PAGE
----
Retrograde Storytelling or Queer Cinematic Triumph? the (Not So) Groundbreaking Qualities of the Film Brokeback Mountain

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The critical discourse surrounding the release and reception of Brokeback Mountain, based on the short story by Annie Proulx, has regularly positioned this film as a groundbreaking cinematic offering. But just how 'groundbreaking' is it really? "Why should such a competent but really quite ordinary film set off a stampede of accolades?" asks fine-arts scholar Richard Blake, quite insightfully, in his analysis of the work (21). Although the specifics of our arguments vary greatly, I nevertheless agree with Blake's conclusion that Brokeback Mountain's "content and lofty intentions might have created an illusion of more [groundbreaking] 'quality' than director Ang Lee and writers Larry McMurtry and Diana Ossana actually put up on the screen" (21).

Without question, Brokeback Mountain is a film filled with intriguing characters, wonderful acting, and breathtaking scenery, one that achieved both critical and commercial success as it struck a chord among heterosexual and nonheterosexual audience members alike. At the same time, in virtually all regards it tells the story of being a nonheterosexual man in the same outdated, stereotypical ways as most other mainstream U.S. films to date, with the exception that it explicitly (rather than implicitly) addresses a complex sexual and romantic relationship between two cowboys trapped within the confines of a hypermasculine culture.

Brokeback Mountain is widely regarded as a faithful adaptation of its original source material (Rice 62); in fact, most of the film's most memorable lines of dialogue come directly from the pages of Proulx's short story. While arguably nothing has been lost in translation from the short story to the big screen, something has indeed been lost with the addition of a key sequence in the film that does not appear in the short story. In Proulx's writing, during their final moments together after Jack reveals "I wish I knew how to quit you" to Ennis, "Ennis stood as if heart-shot, face grey and deep-lined, grimacing, eyes screwed shut, fists clenched, legs caving, [and] hit the ground on his knees" (278). His reaction to these words--to the realization that Jack may have reached the point at which he is actually ready and willing to move on with his life entirely without Ennis--was so heartfelt and extreme that Jack thought Ennis might be having a heart attack. In the film, however, Ennis's reaction is remarkably different. "Then why don't you?" he fires back at Jack (played by Jake Gyllenhaal). Ennis (played by Heath Ledger) continues: "Why don't you just let me be, huh? It's because of you, Jack, that I'm like this. I'm nothin.' I'm nowhere." With these lines of dialogue, Ennis implies that Jack has turned him into a homosexual, invoking the same sorts of 'conversion fantasies' or 'conversion fears' that have been so common in films about nonheterosexual men throughout cinematic history and that have contributed, at least in part, to homophobia, harmful stereotypes, and influential social constructions of gay and bisexual men as individuals who must be feared, especially by influential young males who might otherwise go on to enjoy happy, fulfilling heterosexual lives. Once this retrograde representation appears in the film, it then efficiently serves to explain why, from their first sexual encounter onward, Ennis reacts somewhat aggressively whenever he is forced to confront the depths of his emotional and sexual investments in his ongoing relationship with Jack.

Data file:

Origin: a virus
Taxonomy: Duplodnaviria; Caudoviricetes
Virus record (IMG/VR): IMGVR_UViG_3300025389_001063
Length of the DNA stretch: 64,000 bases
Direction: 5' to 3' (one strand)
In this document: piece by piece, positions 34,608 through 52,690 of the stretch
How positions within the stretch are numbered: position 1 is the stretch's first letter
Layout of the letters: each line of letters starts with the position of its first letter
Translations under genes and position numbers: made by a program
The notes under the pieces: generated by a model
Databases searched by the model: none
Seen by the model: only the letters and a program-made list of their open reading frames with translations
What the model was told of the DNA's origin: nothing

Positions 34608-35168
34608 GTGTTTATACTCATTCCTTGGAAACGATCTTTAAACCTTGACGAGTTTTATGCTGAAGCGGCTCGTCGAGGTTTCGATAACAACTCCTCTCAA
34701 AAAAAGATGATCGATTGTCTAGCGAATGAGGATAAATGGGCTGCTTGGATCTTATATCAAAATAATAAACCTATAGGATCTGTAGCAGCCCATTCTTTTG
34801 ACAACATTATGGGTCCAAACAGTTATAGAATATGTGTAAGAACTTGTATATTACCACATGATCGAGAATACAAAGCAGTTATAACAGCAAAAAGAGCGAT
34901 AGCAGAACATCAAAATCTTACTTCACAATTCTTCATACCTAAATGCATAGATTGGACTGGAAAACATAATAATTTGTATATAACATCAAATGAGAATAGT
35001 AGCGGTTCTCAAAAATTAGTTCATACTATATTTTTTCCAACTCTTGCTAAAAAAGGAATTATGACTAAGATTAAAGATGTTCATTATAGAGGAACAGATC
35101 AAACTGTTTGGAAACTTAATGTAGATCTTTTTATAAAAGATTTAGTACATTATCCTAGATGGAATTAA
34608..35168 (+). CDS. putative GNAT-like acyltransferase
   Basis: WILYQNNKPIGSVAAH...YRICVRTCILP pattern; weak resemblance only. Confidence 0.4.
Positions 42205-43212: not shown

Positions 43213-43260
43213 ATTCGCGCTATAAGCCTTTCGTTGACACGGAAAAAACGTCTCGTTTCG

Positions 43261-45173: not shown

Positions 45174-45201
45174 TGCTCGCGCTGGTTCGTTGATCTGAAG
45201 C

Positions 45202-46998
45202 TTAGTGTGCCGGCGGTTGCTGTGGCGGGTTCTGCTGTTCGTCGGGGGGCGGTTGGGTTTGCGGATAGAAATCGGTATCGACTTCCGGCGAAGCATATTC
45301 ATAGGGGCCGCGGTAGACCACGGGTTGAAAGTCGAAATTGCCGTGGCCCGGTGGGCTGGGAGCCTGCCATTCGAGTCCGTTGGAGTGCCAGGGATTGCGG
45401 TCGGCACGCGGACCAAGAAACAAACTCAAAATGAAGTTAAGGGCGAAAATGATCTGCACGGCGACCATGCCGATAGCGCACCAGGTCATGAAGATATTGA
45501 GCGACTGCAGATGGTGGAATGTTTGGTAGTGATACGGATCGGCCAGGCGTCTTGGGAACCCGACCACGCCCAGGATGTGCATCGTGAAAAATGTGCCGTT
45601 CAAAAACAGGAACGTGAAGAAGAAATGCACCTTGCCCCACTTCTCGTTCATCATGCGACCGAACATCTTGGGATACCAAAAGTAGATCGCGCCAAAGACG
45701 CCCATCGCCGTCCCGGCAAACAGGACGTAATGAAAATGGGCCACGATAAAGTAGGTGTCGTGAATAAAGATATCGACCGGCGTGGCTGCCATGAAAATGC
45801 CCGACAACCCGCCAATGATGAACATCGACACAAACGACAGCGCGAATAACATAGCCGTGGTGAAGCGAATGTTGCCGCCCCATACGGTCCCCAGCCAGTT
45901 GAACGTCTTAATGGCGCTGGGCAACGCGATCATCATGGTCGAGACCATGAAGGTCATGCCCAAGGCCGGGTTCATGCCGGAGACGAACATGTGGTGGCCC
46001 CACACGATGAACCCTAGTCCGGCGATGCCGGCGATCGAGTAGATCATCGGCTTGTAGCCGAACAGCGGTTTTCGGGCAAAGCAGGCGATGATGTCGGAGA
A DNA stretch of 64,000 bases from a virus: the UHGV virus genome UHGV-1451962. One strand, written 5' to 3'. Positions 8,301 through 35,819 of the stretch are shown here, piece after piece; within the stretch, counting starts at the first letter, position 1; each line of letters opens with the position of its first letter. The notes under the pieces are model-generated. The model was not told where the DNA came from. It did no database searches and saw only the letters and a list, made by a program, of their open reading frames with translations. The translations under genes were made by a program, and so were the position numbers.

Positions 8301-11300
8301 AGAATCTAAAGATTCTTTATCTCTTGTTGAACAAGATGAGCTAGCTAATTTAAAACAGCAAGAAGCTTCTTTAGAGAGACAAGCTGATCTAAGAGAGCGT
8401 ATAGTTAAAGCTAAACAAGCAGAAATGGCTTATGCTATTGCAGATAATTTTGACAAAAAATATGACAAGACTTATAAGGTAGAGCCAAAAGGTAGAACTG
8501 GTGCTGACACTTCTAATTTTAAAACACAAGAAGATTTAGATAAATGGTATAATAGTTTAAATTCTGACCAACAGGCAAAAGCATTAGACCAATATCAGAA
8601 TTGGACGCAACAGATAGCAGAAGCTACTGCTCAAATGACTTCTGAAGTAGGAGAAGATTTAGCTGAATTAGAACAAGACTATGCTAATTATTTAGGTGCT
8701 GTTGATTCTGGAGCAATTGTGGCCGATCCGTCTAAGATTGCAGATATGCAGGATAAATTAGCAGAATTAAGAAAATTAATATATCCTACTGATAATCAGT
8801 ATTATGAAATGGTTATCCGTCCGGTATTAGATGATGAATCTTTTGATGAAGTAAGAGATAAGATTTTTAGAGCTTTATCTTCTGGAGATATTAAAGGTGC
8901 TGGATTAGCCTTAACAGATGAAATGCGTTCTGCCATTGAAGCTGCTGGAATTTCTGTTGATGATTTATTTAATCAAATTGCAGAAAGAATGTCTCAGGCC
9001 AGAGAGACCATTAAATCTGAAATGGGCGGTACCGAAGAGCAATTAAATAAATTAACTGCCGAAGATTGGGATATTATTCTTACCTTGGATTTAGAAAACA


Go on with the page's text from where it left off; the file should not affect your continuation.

Another scene that has a differential impact in the short story as compared to the film is the one in which Lureen (played by Anne Hathaway) explains to Ennis the conditions that resulted in Jack's death: that he was pumping up a flat tire on a back road when it blew up, slamming the rim into Jack's face, which ended up breaking his nose and jaw and knocking him unconscious on his back, causing him to drown in his own blood. In the short story, it is clear to the reader that Ennis does not believe this series of events and envisions an alternate reality when Proulx writes, "No, he thought, they got him with the tire iron" (279), which suggests that Ennis believes Jack was instead murdered because he was gay. …